A little about myself first: I grew up shooting bushels of .22 LR. First with my grandfather, then boy scouts, afterwards Jr. ROTC. Later, in my twenties I shot some bullseye matches indoors with the .22 LR where I did fairly well. I moved on to .38 Special, .357 Magnum and .32 H&R Magnum. I had a wonderful mentor who had an encyclopedic knowledge of firearms, casting and reloading who helped me get started back in the late eighties and early nineties. I didn’t have the internet, but I had James and a Lyman manual and my results were satisfying. When I began reloading years ago my means were limited and my setup was minimal. I started with a Lee Loader and a mallet and eventually moved up to a Lee hand press and a “Speed Die”. (I don’t think they even make those now). Casting a 105 SWC from wheel weights scrounged from all over, never sizing them and tumble lubing in Liquid Alox I was shooting groups out of my revolvers that I could cover with my palm at fifty feet.
Fast forward to a couple of years ago and I had been away from my shooting hobby for twenty years. I was gifted a lovely Remington 700 chambered in 22-250. Initially I didn’t even know what I had. I began researching and learned a bit about the cartridge and that my gun was made in 1966, making it an early production version. I knew right away that I wanted to reload for this gun and use cast bullets if at all possible. It has been an interesting journey and it was what led me to find and join the CBA. I have very much enjoyed lurking and reading the posts of others and my only complaint is that the forum isn’t more active. Well, I’m making a contribution here that I hope will help a bit.
This is my first foray in to reloading for a rifle. The following is what I’m doing. I know that most of you in this group are much more experienced and knowledgable than myself and I welcome your insights and observations. Understanding that I am likely a bit vain, insecure and neurotic I trust that you will be gentle in your criticisms.
Lyman #225415 mold. This is a 55 grain bullet
Bullets cast in #2 alloy, tumble lubed in 45/45/10, gas check applied, sized .224 and lubed again.
Norma Brass with flash hole cleaned with unifying tool
Cartridge overall length 2.214 (Lyman manual calls for 2.325, but I used a gizmo on my cleaning rod and one of my bullets to come up with the above measurement.
15.3 grains of 5744 This was the starting load with a listed velocity of 2.032 fps
Lee Factory Crimp
My first trip to the range was a disaster. I made multiple mistakes. My scope was badly out of adjustment and I was never going to get any bullets on target at the ambitious 100 yard distance that I was starting from. After digging worms somewhere midways down range for twenty rounds I shook my head and went home. My barrel was an evil mess. I have never seen such fouling. After a week of alternate soaking and scrubbing with brushes and patches I went to work with Kroil and JB Bore cleaner before worrying the hell out of it with JB Bore polish. Candidly I don’t know if I ever got it perfectly clean but it’s certainly shiny.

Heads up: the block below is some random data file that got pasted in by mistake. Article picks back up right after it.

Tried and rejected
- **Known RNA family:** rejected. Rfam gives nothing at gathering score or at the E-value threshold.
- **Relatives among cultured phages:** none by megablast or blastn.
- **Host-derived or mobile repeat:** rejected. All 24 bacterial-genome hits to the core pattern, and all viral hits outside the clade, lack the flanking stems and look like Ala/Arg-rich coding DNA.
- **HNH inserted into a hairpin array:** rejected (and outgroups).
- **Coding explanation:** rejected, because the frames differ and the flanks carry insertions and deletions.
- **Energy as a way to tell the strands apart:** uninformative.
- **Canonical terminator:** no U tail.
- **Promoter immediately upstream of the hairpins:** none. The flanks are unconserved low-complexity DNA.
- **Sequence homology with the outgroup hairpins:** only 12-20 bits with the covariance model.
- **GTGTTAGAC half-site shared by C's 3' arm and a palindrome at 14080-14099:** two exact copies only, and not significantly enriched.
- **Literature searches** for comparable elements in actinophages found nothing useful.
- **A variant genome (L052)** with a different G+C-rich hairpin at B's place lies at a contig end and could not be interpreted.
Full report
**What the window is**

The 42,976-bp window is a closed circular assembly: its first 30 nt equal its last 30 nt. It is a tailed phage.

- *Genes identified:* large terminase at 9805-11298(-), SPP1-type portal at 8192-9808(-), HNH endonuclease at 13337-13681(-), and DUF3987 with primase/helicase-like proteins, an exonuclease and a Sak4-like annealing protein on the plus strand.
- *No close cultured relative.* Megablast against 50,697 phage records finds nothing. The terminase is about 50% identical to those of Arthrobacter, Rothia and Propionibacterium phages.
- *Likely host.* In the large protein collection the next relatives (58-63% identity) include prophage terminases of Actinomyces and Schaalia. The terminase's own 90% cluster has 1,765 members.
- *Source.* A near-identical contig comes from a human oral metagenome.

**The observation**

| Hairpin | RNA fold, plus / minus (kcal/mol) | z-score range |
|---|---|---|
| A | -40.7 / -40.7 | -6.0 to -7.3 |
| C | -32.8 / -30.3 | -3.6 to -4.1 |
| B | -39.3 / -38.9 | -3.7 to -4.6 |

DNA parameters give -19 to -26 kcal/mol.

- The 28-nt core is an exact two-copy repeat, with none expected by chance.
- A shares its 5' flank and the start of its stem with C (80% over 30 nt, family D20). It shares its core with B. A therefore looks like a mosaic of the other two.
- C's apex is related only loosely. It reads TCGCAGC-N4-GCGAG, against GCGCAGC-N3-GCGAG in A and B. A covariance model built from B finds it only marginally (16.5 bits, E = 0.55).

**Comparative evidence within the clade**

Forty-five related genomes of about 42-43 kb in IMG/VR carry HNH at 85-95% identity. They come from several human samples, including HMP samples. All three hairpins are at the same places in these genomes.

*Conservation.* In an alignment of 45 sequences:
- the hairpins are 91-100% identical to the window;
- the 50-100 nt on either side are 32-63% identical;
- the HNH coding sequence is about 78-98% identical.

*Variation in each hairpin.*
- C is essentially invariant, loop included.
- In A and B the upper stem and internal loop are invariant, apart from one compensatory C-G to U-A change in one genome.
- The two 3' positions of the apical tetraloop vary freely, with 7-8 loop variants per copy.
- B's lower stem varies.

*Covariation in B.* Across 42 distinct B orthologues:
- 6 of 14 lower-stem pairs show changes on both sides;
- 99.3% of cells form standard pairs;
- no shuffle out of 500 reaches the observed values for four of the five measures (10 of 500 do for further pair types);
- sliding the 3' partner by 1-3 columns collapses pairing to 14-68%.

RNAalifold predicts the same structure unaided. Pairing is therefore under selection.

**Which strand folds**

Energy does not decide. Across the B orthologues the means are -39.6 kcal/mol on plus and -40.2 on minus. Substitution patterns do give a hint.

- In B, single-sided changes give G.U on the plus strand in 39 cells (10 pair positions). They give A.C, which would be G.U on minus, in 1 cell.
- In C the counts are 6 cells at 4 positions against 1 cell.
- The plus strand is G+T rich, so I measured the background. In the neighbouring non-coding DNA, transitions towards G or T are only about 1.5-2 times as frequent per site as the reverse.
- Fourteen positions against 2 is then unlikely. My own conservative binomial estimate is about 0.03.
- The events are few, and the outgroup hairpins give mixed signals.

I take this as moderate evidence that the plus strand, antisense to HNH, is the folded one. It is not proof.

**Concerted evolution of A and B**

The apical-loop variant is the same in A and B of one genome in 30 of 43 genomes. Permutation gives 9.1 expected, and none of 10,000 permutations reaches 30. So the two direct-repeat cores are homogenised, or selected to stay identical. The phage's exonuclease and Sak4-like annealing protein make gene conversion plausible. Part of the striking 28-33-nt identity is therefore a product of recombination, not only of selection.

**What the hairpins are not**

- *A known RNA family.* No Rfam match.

During a subsequent trip to the range I got my scope adjusted for fifty yards using factory ammo. If I had been holding well enough I think that it could shoot one hole groups at that distance.
For my second attempt with hand loads I cast in straight Linotype and followed the same lubing, sizing and loading procedure as above.
This time I was peppering the target in groups that were about four or five inches across (too poor to bother measuring in my opinion) This time I had a Chronograph and was able to check my velocity. The average was 2,240 fps. They only varied by fifty fps except for one wild shot that was 2,290. I was pleased with this and felt that I must have done something right to have my spread of velocity be that close. When I got home the gun cleaned up with just a few patches after soaking with Kroil.
I’m now wondering if this is going to work or not. I am forming the opinion that in the mid sixties when this cartridge / rifle combo was being developed that no one was thinking of doing what I’m trying to do. This thing was meant to shoot fast and flat, period! I attempted to determine my rate of twist using masking tape and my cleaning rod. I came up with 14:1 twice in a row. Since my velocity is a tad more than the manual listed I’m thinking that I will reduce the load to 13 grains of 5744 and see what they clock and if my groups tighten up.
On another forum I read where someone else wanted to do the same thing. One person responded asking “why would you want to emasculate such a fine cartridge?”. That’s a fair question and my answer is that I was given a nice rifle that I would just like to enjoy shooting. I didn't get to select the cartridge that it was chambered in. I usually only have access to a 100 yard range and I know of no reason that I need a 3,500 fps screamer. If I can get good target accuracy at 100 yards while making it easier on myself and my gun then that’s the reason.
I have not as yet slugged my barrel. I probably should.
I now offer this up to the brain trust to see what else I need to consider. Thanx in advance!